BIGYUKI: Around 15 years ago, when I was in Berklee, I developed an interest in gospel music and had the chance to play at a church thanks to fate. Before I knew it, I was in that community, and I started playing without knowing how it functioned. I felt like the people there had the heart to accept something different. I’m not sure if that was America or Black culture, but they had this notion of not rejecting those who came to them. I also felt like as long as you show you want to learn about the culture and that you love it, they’ll return their feelings to you.

2099, BIGYUKI’s latest album born from his change in preferences, collaborating with CHAI and Miho Hatori 



—Is 2099, which you released last year, an album reflecting on the pandemic?

BIGYUKI: I think so. Not to talk about contributing again, but I wanted to express how I survived 2020 and what I genuinely felt during those times. The music I listened to changed a lot because I was under stress. I used to like music that went from tension to relaxation: music that made you liberated from unpleasant feelings. The way I listen to music has changed now. I just wanted to release something in 2020, including new songs and songs I had within myself.

—I got the impression that 2099 isn’t limited to one genre, but it’s also not necessarily trying to make big crossovers. You knew what kind of music you wanted to do clearly.

BIGYUKI: Yes. I went on a radio show that Goro Inagaki hosts, and he asked me if the music I make is jazz. I said, “It’s Black music.” What I should’ve said was, “My music is my own interpretation of Black music, which I’m inspired by.” But I don’t know what that exactly looks like yet.

—You produced the beats and everything, but you also improvise as a keyboard player. I felt like these things connected naturally.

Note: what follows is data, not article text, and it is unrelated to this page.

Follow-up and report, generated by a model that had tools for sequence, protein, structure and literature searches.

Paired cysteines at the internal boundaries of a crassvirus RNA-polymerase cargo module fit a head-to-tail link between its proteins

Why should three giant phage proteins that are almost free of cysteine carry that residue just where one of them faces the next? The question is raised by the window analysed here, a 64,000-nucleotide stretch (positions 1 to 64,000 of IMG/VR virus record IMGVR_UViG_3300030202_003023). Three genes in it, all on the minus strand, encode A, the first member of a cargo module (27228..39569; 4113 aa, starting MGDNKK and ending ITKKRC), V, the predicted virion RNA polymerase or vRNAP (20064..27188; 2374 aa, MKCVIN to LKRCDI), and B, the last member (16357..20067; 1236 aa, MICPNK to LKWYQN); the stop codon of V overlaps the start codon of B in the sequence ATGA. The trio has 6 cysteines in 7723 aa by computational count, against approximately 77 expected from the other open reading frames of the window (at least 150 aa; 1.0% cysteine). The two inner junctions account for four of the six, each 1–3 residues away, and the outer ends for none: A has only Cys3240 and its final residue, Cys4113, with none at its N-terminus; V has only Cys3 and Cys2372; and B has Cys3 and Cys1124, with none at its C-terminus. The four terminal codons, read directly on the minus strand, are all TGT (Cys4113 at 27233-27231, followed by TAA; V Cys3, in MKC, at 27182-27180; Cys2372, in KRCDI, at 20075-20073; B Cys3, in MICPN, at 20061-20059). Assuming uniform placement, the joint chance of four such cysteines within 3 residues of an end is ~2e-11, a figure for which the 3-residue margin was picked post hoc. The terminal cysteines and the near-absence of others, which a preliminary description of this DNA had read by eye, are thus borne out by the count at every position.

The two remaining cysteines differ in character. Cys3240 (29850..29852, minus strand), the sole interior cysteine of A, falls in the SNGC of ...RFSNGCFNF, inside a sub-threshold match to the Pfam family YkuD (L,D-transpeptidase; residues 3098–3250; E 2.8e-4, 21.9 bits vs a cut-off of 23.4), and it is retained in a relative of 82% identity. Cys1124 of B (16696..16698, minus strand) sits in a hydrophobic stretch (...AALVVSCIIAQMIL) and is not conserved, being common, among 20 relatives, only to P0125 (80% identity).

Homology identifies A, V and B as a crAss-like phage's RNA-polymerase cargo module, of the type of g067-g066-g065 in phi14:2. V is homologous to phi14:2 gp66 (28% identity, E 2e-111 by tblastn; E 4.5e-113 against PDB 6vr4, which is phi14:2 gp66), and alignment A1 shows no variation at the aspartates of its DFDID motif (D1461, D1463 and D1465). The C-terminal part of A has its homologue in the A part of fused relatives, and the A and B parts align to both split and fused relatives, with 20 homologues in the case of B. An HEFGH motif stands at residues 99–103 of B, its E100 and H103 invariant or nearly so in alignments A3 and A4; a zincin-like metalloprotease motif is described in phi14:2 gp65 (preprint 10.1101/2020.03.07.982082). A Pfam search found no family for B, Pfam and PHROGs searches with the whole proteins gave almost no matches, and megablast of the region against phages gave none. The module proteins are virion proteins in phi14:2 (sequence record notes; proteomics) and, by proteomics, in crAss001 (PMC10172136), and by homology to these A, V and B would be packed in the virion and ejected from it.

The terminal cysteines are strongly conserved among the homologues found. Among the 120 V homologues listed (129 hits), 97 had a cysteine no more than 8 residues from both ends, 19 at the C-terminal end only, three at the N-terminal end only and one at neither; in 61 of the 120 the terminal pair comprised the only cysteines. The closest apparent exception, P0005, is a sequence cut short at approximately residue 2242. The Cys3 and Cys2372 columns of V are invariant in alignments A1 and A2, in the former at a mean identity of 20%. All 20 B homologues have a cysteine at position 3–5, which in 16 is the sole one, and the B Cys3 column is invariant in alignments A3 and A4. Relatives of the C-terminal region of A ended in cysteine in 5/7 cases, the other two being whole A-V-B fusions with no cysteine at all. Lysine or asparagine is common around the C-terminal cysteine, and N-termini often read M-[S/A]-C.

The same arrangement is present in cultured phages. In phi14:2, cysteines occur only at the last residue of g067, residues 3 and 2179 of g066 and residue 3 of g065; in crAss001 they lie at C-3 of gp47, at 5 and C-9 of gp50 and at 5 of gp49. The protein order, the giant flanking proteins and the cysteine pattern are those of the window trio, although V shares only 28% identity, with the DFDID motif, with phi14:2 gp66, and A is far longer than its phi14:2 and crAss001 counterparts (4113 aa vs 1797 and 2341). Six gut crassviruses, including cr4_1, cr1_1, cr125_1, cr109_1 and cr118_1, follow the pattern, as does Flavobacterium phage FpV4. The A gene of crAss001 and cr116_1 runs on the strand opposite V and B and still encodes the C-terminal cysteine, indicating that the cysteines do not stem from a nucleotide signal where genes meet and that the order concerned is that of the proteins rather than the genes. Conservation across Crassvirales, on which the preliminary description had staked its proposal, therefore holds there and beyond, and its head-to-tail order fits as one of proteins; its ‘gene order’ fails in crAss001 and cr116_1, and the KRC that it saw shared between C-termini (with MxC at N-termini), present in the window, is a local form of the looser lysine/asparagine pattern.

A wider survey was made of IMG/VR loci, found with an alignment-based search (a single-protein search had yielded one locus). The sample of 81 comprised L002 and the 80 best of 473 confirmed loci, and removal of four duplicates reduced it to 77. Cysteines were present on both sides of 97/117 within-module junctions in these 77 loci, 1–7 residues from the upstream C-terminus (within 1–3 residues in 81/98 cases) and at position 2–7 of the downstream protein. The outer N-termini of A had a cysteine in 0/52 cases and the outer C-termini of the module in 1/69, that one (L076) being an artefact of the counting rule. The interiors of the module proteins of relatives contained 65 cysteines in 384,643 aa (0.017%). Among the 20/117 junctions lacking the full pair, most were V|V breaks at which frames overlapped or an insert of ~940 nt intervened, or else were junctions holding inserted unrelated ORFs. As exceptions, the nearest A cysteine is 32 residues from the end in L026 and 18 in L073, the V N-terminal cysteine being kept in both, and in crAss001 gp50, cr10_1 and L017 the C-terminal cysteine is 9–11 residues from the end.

BIGYUKI: That makes me very happy. Thank you. That’s what I’m striving for. I enjoy producing a lot. In a broad sense, I feel the same when I put a band together. I want to create music with people with interesting insights, and I want to perform with people who can unlock a door inside me. I value this sort of sensibility when I make beats and work with other producers too.

—Your production on CHAI’s new song came as a surprise.

BIGYUKI: That song came about through my friend from Berklee. That friend is also involved with producing their music. They noticed I wasn’t releasing any music after the pandemic started and were worried about me. I told them about how I was using my time to begin producing complete tracks by myself, which I hadn’t taken too seriously before then. They told me to send something once I came up with a good idea. One of the songs I polished became “Maybe Chocolate Chip.” It makes me pleased to think I completed a song like that. The music video is cute too.

CHAI – チョコチップかもね/Maybe Chocolate Chips (feat. Ric Wilson)

—It’s also interesting how there’s a gap between the song and CHAI’s image as a band.

BIGYUKI: The person who produced their previous single, “Action,” is a producer called Ruben, with whom I make music often. His productions are ornate, and his programming is so elaborate, so I was honestly worried if it was okay for me to produce [for CHAI]. I would like to think the bad but good vibe matched how they looked at the song (laughs).

—You were also involved with the making of Miho Hatori-san’s album, Between Isekai and Slice of Life.

BIGYUKI: She became interested in my musical sensibilities when I got asked to play at the Brooklyn Museum. I played the synthesizer for that. I arranged it my way, made suggestions, and experimented with them like, “I think it might be nice to add this sound.” She took a liking and contacted me afterward. I brushed up the sounds and added my arrangements to her production.

American society today and tomorrow, thoughts on the Japanese music scene

—Do you think it’ll be crucial for you to continue working in America?

BIGYUKI: Before coronavirus, I came to Japan for a show and saw a performance with musicians younger than myself. I spoke to the musicians, who were in their 20s, and the drummer was especially intriguing. It’s as if he had rhythm in his bones. He liked the music scene in Dallas and had known about musicians I play with in New York [through the internet]. Thanks to YouTube, people can now research things visually. Compared to when I was in my 20s, people have many ways to absorb cultural information now. There are fewer geographical disadvantages than before. Of course, it’s vital to build relationships in real life because that influences your music, but you can make creative exchanges and environments online more and more. So, I don’t think I need to live in New York. When I graduated from Berklee, my options were Japan, New York, or Los Angeles. I chose New York because I wanted to challenge myself. But I’m not sure about the future. I want to live flexibly and fluidly.